Tokyo’s efforts to lift people out of homelessness have borne fruit, according to the government, as a survey showed their numbers hit a record low this past winter. But critics question the methods used and argue such people are only becoming increasingly less visible.
The Tokyo Metropolitan Government said Monday that the number of homeless people in parks, on roadsides and around train stations in the capital’s 23 wards as of January fell to a record low of 744 during this past winter season. This was 34 fewer than the previous winter.
The metropolitan government has collected statistics in summer and winter each year since 1995.
“We believe that the (Tokyo government’s) assistance has contributed to the drop in their numbers,” an official in the metropolitan government’s social welfare and public health bureau told The Japan Times.
The official said the policy of helping homeless people live independently has led to many of them finding work as cleaners and security guards, among other occupations.
The number of homeless people fell in 13 of the 23 wards, with Taito Ward witnessing the sharpest drop from 128 to 88.
But in some areas the number rose from the previous year. Shibuya Ward had the most homeless people — 107, up 18 from the year before — followed by Shinjuku Ward, which had 97 homeless people, up by 27.
The official said many homeless people refuse to accept public support. Sometimes this is out of concern that their families will find out about their situation, or because they simply wish to exist without the support of government agencies.
“Such people, and those with mental health issues, are hard to reach; they don’t even want to talk to officers who offer them support,” he said.
The findings also showed the number of homeless people in greater Tokyo, not just the 23 wards, totaled 1,473.
Takuya Kitabatake, head of Tokyo-based Advocacy and Research Center for Homelessness (ARCH) called the fact that nearly 1,500 people have been reported as homeless alarming, and pointed out that the government survey was conducted only during daylight hours.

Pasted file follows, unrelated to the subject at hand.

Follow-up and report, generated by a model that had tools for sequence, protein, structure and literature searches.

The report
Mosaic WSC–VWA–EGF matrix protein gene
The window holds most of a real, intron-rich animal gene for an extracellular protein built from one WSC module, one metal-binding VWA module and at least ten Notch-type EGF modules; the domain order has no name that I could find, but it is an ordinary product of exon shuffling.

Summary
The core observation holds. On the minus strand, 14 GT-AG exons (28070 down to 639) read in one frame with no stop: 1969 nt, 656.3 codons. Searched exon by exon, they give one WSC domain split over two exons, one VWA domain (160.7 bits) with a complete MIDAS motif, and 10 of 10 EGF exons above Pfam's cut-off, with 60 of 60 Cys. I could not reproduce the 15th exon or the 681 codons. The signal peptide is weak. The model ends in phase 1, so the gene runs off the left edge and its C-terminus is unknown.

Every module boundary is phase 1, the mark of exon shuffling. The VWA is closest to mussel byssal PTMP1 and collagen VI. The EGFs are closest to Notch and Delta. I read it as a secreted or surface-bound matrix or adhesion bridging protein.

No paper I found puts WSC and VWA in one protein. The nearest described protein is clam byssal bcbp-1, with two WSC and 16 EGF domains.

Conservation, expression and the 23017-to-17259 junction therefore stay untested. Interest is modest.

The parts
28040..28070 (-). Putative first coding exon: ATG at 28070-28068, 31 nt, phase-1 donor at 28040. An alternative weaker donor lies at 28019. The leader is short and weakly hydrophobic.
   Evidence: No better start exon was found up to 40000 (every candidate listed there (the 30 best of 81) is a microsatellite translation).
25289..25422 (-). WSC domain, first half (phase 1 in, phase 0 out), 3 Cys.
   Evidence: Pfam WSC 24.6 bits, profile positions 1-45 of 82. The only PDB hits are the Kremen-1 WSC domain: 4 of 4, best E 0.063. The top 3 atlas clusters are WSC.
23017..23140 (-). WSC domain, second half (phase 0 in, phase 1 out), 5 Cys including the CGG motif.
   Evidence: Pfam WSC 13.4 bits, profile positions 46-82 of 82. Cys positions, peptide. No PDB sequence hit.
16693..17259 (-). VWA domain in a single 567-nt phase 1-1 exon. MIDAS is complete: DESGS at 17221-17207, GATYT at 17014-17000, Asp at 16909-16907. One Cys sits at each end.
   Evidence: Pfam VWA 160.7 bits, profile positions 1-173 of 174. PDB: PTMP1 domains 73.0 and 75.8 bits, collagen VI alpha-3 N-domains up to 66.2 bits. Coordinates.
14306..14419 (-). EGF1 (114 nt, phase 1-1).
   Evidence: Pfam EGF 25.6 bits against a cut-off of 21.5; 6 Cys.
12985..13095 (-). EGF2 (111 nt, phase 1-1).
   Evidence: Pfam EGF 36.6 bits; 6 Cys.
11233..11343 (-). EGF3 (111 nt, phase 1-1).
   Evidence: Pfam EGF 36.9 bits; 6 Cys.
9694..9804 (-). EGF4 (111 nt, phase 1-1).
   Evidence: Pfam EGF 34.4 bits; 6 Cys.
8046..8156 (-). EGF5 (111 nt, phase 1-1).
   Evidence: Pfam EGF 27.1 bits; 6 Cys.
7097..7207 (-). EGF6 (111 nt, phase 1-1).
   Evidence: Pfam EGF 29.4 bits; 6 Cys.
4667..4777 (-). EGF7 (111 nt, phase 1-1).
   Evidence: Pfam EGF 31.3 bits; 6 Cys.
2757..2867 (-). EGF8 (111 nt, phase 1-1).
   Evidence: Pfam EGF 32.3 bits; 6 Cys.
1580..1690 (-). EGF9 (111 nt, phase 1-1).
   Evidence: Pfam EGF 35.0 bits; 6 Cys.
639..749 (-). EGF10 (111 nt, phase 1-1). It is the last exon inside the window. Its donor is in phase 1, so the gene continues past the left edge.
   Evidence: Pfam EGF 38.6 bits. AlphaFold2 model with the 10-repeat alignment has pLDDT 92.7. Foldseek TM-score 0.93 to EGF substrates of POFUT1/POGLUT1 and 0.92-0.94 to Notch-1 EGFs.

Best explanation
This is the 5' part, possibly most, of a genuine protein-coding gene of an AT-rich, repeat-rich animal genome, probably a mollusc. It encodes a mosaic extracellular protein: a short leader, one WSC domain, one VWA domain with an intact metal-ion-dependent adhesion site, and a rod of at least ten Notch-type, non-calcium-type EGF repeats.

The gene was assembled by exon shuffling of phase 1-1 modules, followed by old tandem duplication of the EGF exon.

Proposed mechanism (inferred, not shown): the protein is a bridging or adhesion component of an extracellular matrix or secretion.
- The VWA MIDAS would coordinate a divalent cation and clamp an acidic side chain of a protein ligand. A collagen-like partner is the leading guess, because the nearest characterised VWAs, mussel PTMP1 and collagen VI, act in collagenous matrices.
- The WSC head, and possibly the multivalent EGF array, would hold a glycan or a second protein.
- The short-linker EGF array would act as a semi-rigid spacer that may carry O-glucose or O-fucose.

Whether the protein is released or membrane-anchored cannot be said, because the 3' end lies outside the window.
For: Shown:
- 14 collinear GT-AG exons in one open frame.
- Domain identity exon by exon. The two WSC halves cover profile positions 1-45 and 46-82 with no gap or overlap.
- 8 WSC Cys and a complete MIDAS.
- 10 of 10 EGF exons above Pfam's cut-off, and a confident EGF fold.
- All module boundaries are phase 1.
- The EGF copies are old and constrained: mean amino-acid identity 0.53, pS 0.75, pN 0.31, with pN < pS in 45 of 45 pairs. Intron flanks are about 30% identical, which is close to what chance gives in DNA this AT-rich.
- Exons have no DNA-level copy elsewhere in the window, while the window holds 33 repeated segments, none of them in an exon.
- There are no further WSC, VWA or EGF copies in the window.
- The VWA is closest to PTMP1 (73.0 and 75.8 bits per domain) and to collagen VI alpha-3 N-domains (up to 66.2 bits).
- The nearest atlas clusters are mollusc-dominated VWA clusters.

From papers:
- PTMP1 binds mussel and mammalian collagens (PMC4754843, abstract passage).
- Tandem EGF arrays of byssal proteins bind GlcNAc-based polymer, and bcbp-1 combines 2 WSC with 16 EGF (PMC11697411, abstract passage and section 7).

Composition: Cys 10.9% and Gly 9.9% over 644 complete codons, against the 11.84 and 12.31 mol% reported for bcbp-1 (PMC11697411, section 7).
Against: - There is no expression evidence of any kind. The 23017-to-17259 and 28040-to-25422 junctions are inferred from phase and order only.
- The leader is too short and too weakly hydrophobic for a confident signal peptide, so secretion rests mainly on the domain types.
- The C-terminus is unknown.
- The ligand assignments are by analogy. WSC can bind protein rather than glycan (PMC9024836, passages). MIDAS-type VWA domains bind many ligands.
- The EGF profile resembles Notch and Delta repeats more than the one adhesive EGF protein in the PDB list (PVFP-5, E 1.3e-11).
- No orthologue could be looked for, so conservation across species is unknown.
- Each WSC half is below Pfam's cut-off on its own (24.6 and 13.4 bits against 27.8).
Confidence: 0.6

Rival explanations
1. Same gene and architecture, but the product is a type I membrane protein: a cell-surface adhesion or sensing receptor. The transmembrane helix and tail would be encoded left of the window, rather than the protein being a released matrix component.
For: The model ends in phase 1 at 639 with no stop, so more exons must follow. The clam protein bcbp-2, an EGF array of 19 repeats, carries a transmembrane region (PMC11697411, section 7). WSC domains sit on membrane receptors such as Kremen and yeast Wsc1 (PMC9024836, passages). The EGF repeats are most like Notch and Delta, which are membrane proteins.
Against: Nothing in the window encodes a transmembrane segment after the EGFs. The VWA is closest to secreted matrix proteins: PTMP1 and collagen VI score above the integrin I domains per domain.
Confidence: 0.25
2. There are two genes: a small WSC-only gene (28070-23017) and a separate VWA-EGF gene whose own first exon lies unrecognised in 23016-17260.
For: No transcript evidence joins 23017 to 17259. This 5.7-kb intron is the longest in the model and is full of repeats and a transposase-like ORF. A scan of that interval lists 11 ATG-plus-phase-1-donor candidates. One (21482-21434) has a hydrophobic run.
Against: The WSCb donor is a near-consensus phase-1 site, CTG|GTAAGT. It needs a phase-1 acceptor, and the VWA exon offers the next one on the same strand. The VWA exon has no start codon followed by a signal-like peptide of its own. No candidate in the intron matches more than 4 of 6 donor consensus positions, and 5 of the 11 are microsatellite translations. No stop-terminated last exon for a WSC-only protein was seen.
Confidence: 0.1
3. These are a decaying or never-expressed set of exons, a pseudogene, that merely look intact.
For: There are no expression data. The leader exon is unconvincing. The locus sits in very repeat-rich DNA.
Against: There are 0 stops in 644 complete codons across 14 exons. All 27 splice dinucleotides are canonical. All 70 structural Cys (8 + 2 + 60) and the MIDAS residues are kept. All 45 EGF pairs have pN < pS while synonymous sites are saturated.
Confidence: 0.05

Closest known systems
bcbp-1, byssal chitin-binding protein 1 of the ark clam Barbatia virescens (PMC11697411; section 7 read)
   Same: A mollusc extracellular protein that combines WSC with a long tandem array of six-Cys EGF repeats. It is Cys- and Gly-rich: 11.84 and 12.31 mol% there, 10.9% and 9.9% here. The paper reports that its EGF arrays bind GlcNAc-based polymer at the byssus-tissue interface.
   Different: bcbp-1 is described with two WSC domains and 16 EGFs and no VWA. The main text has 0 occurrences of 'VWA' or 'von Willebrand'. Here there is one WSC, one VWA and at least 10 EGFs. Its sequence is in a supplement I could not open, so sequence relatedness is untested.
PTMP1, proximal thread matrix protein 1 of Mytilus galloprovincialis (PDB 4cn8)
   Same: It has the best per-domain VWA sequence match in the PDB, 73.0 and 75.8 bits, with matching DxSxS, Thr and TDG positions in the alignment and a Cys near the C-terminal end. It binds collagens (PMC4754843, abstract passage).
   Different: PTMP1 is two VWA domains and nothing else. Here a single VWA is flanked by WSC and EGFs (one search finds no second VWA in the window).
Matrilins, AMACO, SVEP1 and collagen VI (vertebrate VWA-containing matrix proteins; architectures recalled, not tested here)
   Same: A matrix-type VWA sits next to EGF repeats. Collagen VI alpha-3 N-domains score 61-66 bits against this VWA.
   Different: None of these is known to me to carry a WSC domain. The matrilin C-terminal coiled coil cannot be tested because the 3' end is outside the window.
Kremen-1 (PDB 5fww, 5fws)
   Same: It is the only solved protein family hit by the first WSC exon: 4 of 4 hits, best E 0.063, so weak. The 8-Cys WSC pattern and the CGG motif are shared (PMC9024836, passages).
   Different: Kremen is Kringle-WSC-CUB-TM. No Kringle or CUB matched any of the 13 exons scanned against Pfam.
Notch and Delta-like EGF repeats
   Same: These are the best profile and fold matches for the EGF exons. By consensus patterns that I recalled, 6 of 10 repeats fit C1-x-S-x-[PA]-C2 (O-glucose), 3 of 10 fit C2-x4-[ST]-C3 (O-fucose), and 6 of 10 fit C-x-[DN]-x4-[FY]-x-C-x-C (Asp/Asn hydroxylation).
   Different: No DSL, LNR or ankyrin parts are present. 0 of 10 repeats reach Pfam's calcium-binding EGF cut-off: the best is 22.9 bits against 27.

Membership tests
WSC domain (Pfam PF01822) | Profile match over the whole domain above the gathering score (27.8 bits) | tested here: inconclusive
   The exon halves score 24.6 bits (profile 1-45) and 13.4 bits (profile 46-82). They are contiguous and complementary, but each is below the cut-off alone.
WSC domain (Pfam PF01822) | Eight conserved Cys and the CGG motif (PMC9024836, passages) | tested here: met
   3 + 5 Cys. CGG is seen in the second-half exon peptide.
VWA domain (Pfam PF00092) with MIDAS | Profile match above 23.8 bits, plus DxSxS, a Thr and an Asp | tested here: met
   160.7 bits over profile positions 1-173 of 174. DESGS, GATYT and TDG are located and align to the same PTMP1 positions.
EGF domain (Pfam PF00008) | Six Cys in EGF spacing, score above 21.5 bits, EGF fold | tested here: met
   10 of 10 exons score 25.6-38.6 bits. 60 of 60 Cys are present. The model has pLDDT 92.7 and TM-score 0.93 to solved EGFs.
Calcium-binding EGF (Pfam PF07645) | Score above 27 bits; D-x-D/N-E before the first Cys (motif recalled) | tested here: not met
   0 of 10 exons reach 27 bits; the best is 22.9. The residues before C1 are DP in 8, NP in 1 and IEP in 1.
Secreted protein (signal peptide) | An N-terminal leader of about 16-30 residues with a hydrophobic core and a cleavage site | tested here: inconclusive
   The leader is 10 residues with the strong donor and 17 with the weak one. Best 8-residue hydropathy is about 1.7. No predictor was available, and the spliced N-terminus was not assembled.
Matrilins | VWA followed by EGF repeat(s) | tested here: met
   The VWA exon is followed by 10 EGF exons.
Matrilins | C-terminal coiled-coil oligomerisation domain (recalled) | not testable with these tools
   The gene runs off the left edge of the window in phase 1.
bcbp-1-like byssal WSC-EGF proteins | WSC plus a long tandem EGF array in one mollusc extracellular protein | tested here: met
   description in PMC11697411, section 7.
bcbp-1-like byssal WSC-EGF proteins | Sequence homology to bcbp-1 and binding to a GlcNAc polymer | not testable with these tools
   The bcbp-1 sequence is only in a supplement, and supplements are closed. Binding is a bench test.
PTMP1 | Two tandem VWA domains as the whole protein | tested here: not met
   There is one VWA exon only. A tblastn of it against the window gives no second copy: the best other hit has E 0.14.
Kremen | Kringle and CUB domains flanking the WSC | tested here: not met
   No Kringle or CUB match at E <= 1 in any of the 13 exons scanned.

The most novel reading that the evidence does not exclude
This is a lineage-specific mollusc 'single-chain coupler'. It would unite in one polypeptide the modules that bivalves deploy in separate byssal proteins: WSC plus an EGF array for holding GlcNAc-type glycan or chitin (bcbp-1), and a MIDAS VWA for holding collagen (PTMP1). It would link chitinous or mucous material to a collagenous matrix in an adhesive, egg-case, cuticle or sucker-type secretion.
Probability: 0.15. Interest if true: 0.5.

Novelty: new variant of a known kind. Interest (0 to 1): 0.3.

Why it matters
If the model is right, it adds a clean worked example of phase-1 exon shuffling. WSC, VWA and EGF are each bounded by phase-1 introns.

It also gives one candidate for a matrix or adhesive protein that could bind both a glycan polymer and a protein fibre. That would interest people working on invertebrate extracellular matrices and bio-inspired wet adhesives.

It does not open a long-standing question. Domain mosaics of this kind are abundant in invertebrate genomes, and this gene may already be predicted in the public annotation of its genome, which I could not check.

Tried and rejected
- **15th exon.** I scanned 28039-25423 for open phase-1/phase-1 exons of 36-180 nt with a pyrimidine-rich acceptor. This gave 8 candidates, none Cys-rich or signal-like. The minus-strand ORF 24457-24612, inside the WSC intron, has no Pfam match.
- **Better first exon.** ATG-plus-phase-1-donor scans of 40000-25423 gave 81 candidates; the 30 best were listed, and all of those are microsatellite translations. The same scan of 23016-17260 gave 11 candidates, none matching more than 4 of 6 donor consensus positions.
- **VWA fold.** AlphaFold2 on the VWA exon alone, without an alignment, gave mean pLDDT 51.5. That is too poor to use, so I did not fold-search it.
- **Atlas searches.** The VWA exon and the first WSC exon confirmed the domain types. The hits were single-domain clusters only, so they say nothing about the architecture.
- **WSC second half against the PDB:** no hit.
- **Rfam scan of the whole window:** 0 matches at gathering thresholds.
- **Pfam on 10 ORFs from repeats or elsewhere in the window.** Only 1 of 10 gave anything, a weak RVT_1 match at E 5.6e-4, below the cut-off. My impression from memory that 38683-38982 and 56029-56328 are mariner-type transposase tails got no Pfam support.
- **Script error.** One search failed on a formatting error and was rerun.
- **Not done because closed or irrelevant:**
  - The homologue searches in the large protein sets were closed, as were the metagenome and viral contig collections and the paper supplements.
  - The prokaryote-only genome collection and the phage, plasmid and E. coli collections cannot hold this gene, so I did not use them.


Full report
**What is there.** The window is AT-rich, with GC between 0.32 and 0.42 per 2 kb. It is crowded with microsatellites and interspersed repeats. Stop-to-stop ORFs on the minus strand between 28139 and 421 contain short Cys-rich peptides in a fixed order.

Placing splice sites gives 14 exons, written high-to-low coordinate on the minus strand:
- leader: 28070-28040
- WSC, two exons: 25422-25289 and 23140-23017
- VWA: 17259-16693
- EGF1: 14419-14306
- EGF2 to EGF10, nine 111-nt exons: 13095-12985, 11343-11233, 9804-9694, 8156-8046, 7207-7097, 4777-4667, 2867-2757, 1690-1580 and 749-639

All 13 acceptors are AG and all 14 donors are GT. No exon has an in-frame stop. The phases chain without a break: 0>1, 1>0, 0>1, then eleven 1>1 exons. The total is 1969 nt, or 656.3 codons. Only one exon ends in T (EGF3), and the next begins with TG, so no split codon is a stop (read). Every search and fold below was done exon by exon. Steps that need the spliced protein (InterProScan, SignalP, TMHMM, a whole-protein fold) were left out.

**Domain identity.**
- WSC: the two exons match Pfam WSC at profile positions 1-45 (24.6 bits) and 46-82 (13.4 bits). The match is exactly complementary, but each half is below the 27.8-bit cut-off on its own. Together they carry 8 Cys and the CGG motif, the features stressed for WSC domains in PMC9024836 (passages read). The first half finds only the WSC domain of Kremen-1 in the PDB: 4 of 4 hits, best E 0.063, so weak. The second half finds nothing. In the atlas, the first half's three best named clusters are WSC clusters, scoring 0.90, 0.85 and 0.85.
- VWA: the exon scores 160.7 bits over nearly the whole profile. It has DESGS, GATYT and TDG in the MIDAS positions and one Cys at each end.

“It is a sign we should take the issue more seriously,” said Kitabatake, a Ph.D. student in the Tokyo Institute of Technology’s School of Environment and Society.
Around the same time the survey was conducted, in mid-January, ARCH conducted its own homeless count in Shibuya, Shinjuku and Toshima wards.
The results put the total number of homeless people in the three wards at 671, nearly three times higher than that reported by city officials.
“At terminal stations where we did the street count, the difference in numbers during the daytime and at night was significant, so we can assume the real numbers are much higher,” ARCH’s Kitabatake said.
Metropolitan officials said they are aware that the number of homeless people who are hidden from sight during the day may be higher than is shown in the city’s study.
Kitabatake pointed out that many homeless people may choose to stay in areas that are out of the public eye, with 701 of Tokyo’s homeless living on riverbanks.
ARCH, which comprises researchers and experienced social workers who for years have studied the problem of homelessness in Japan, was officially launched last year. It is advocating an increase in support for the homeless in and around Tokyo by 2020.
The group fears that large-scale urban development for the 2020 Tokyo Olympics may force such at-risk people even further into the margins.
“With numerous urban development projects like those related to the Tokyo Olympics, we might see fewer people living on the streets, but they might move to places where they are less visible,” Kitabatake said, adding that he fears the issue of homelessness may go increasingly unnoticed.
He said many people who volunteered for the project admitted they had not been aware so many homeless people turn up at night in areas they often pass by.
“I believe a better public support system is needed, but I also wish citizens would pay more attention to (homeless people) in areas where they live,” he said. “There are many people staying at Internet cafes, people who, though their financial situation is unstable, are not classified as homeless in these surveys.”